The Considerate Constructors Scheme (CCS) has launched a new initiative focusing on occupational cancers. The scheme aims to raise awareness of the health risks involved in construction work, specifically relating to occupational cancers and taking proactive measures to safeguard employees.
The initiative has been set up due to the risks associated with the construction industry and the various harmful substances encountered on a day to day basis. Workers within the construction industry are at a greater risk of developing cancer at work compared with any other industry group, if the risks posed fail to be appropriately managed. A number of the substances potentially causing risk include asbestos, silica, diesel engine exhaust emissions, paint and prolonged exposure to UV radiation.
There are various types of cancer which affect the workforce, however skin cancer and lung cancer have been identified as the two main types that significantly affect individuals working within the construction industry.
Skin and lung cancer can be caused by exposure to carcinogens and UV radiation in the workplace over a prolonged period of time. The causes can also take various forms from solid substances to gases and dust. Without appropriate control measures in place, the workforce can be harmfully exposed breathing these substances in or absorbing them through the skin.
According to the CCS scheme, whilst a higher number of people are diagnosed with skin cancer in Australia, the survival rate is higher than in the UK – almost 3,000 more people have died from skin cancer in the UK over the past 5 years. This is the result of better public attitudes to sun protection and early detection of any skin changes due to Australia’s well-funded awareness campaigns which have spanned over more than 20 years, coupled with primary and secondary school education. The UK needs to take a more proactive approach to this health problem, which is particularly relevant for outside workers.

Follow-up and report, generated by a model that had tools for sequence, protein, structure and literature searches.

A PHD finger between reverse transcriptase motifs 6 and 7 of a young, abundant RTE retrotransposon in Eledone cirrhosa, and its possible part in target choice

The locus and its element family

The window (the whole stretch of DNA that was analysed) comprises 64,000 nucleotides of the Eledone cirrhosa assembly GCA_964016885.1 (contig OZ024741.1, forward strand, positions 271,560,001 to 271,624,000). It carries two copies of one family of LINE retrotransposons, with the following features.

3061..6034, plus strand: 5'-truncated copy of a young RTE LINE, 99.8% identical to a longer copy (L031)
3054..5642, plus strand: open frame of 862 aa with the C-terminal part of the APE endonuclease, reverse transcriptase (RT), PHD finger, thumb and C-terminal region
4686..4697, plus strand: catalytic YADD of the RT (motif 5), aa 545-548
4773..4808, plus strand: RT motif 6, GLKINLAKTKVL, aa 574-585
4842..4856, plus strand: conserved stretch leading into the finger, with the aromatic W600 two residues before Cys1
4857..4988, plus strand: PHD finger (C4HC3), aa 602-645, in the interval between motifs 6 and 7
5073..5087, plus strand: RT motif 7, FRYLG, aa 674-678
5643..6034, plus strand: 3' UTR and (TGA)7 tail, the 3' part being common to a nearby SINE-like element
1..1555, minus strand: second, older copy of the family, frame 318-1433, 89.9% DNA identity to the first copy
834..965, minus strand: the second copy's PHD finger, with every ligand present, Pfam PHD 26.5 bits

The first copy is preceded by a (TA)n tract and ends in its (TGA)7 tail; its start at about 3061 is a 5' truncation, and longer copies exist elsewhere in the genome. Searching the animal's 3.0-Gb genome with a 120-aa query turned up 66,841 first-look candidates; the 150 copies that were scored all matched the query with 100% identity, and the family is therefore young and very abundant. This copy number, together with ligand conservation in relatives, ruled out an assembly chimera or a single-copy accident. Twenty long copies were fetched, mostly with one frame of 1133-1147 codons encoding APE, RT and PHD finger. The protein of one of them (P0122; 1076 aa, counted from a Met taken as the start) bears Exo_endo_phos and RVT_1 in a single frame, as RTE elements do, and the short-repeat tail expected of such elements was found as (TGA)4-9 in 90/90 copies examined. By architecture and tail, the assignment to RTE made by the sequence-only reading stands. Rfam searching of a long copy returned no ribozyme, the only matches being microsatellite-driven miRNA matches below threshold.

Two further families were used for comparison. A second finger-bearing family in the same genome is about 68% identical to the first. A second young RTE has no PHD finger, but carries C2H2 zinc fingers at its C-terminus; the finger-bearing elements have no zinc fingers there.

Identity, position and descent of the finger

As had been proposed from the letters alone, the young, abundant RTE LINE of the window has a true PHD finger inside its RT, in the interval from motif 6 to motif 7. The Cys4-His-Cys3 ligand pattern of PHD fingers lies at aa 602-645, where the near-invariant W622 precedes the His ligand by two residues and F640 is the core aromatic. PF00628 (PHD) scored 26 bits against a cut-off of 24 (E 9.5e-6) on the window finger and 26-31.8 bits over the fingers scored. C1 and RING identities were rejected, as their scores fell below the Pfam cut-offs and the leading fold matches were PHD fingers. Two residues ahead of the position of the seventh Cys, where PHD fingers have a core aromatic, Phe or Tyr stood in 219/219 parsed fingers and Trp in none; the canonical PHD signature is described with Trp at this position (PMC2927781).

It is difficult to determine the true extent of occupational cancers as in many cases individuals fail to develop any noticeable symptoms of either skin or lung cancers until many years later. Therefore, they may not be prioritised within the construction industry as a high risk health and safety issue immediately affecting the workforce.
Despite this, the following facts have been identified:
- In the UK there are 14,000 newly occurring cases of occupational cancer per year (IOSH, 2015)
- Over 40% of the total occupational cancer deaths arise within the construction industry (HSE statistics 2013/14)
- 99% of construction industry deaths are caused by work related ill-health and 1% of occupational deaths are related to poor safety within the British industry as a whole (HSE statistics 2013/14)
- Asbestos is responsible for the largest proportion of occupational cancer, with an estimate that 50% of occupational cancer deaths and 1 in 3 newly occurring cases of occupational cancer were caused by exposure to asbestos (Chen and Osman, British Journal of Cancer, 2012)
- Construction workers have a 6 times greater risk of developing skin cancer than the general population (Construction Enquirer, 2015)
More information on the initiative can be found at http://www.ccscheme.org.uk/index.php/spotlight-on-occupational-cancers (please put no follow on this).
Alcumus can assist the construction industry with our library of fully compliant, task based COSHH assessments, and occupational hygiene monitoring services, including asbestos surveys and air monitoring.